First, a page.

The Tax Management Transfer Pricing Report ™ provides news and analysis on U.S. and international governments’ tax policies regarding intercompany transfer pricing.
By Trisha J. English, Esq.
Winstead PC, Houston, TX
In Stone Est. v. Comr.,1 Mr. and Mrs. Stone jointly owned approximately 740 acres of undeveloped woodlands near a man-made lake in Cumberland County, Tennessee. After the lake was formed, the Stones desired for the woodlands to become a family asset in hopes that the family would one day be able to develop and sell homes near the lake. The Stones sought legal counsel as to the best way to facilitate gifts of real property to family members and were advised that creating a family limited partnership would (1) simplify the gift giving process by not requiring frequent execution and recording of deeds, and (2) help guard against partition suits.
A limited partnership was formed on December 29, 1997, naming Mr. and Mrs. Stone as each having a 1% general partner interest and a 48% limited partner interest. The next day, the Stones deeded the woodlands to the partnership. The day after that, the Stones gifted 26.628% of their limited partnership interests to their children, children's spouses, and grandchildren. The Stones continued to gift limited partnership interests over the next three years and, by the end of 2000, Mr. and Mrs. Stone each owned only a 1% general partnership interest - with the children, children's spouses, and grandchildren owning the remaining 98% limited partnership interests. The gifts of limited partnership interests were reported on gift tax returns and the value of the gifts were based on undiscounted real estate appraisals of the woodlands.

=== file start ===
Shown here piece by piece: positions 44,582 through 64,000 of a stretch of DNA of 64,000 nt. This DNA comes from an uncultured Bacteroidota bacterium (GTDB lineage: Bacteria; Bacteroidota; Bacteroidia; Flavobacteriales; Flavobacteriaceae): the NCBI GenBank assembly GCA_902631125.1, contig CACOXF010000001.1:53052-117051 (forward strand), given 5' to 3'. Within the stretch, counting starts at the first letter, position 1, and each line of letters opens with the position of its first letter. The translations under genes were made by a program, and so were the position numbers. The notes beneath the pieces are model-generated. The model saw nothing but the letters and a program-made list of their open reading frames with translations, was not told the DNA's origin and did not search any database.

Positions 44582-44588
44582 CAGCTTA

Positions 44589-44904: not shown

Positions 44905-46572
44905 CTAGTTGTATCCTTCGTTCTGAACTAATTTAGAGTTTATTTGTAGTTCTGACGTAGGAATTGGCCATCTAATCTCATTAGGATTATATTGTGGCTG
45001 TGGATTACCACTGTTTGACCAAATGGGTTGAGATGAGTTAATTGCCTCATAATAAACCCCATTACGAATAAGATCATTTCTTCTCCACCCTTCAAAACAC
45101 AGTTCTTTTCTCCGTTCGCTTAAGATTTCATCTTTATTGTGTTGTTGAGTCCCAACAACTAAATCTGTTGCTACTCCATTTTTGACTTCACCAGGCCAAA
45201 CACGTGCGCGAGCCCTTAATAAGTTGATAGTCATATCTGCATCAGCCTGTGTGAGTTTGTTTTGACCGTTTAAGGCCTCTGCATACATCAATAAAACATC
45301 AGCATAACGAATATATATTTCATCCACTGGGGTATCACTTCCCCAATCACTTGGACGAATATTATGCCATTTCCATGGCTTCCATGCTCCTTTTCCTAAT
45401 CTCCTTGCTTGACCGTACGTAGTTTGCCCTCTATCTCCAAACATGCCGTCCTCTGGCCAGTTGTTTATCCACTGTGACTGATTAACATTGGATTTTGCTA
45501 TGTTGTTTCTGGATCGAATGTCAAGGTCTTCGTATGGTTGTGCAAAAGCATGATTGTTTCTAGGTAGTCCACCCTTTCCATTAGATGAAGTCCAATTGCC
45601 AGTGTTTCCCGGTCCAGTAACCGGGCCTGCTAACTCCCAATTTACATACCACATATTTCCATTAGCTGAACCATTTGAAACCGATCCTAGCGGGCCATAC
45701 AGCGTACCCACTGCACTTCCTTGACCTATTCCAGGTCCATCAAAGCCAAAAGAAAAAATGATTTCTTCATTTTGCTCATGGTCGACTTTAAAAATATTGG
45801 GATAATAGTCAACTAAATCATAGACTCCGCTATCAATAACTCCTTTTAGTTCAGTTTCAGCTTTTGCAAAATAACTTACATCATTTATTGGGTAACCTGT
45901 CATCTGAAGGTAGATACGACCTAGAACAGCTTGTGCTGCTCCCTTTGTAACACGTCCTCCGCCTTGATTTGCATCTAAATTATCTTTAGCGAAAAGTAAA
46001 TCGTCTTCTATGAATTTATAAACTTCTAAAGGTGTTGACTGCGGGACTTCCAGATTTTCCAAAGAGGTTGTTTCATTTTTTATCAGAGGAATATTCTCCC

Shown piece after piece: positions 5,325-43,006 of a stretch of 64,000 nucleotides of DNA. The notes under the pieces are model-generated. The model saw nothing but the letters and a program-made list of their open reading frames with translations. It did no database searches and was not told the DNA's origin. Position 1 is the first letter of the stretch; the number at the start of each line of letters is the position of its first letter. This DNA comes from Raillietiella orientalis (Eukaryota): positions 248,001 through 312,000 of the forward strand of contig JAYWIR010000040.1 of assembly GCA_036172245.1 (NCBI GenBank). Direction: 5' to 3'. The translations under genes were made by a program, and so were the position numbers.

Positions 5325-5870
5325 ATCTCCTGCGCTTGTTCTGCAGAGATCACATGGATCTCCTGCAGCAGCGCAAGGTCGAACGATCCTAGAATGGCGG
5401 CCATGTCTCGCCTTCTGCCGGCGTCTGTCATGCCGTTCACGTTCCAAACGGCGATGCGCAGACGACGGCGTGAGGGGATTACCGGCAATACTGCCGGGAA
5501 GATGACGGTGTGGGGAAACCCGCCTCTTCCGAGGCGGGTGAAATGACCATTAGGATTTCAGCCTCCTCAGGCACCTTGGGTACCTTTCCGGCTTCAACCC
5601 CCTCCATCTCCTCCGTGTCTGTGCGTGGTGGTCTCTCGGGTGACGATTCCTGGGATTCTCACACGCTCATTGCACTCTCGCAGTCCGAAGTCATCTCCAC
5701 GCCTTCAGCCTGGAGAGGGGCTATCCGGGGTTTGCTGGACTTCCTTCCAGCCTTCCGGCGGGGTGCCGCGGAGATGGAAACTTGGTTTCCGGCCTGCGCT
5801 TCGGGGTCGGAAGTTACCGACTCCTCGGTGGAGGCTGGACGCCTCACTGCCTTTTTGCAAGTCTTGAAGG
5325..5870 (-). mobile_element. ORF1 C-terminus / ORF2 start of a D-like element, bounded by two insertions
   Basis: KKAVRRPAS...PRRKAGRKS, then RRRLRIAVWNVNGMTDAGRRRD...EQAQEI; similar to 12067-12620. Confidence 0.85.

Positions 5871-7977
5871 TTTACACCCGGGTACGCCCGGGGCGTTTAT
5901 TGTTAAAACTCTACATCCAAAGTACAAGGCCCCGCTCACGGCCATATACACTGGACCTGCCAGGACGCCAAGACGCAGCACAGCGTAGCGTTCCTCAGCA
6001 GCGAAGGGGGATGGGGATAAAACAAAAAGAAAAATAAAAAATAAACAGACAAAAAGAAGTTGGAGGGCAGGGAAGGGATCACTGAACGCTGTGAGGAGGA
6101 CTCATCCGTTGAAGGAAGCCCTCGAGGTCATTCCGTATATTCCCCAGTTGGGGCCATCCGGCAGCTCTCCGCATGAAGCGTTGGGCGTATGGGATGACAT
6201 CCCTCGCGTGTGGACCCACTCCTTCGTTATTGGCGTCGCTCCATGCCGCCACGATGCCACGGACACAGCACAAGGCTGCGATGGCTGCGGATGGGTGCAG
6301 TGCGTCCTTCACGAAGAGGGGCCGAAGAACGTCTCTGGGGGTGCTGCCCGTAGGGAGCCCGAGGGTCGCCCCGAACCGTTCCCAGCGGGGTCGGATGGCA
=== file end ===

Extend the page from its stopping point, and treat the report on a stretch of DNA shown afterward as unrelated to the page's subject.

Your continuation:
The woodlands were the partnership's only asset. The partnership had no income and made no distributions. The partnership's only expense consisted of property taxes that Mr. and Mrs. Stone paid from their personal account. The woodlands remained undeveloped and the Stones only use of the woodlands were for fishing to and visit one of their children who lived on an adjacent property.
Mrs. Stone died in 2005 - more than three years after her final gifts of limited partnership interests - and the IRS argued that the value of Mrs. Stone's share of the woodlands that were transferred to the partnership were includible in her estate under §2036(a).
Creation of family-managed asset was a legitimate and significant nontax purpose for the transfer. The court's analysis focused on whether the exception to §2036(a) applied; namely whether the transfer of assets to the partnership was a bona fide sale for adequate and full consideration. In the context of family limited partnerships, the bona fide sale exception is met where the record establishes the existence of a legitimate and significant nontax reason for creating the partnership and the transferors received partnership interests proportional to the value of the property transferred.2
The court dismissed the IRS's argument that the primary purpose of the partnership created by the Stones was to facilitate gift giving: "While we agree with respondent that gift giving alone is not an acceptable nontax motive, we disagree that gift giving was decedent's only motive in transferring the woodland parcels to [the partnership]." The court then concluded that the "significant purpose" of the transfer of the woodlands to the partnership was to create a family-managed asset, and that this was a legitimate nontax motive for purposes of qualifying for the exception to §2036.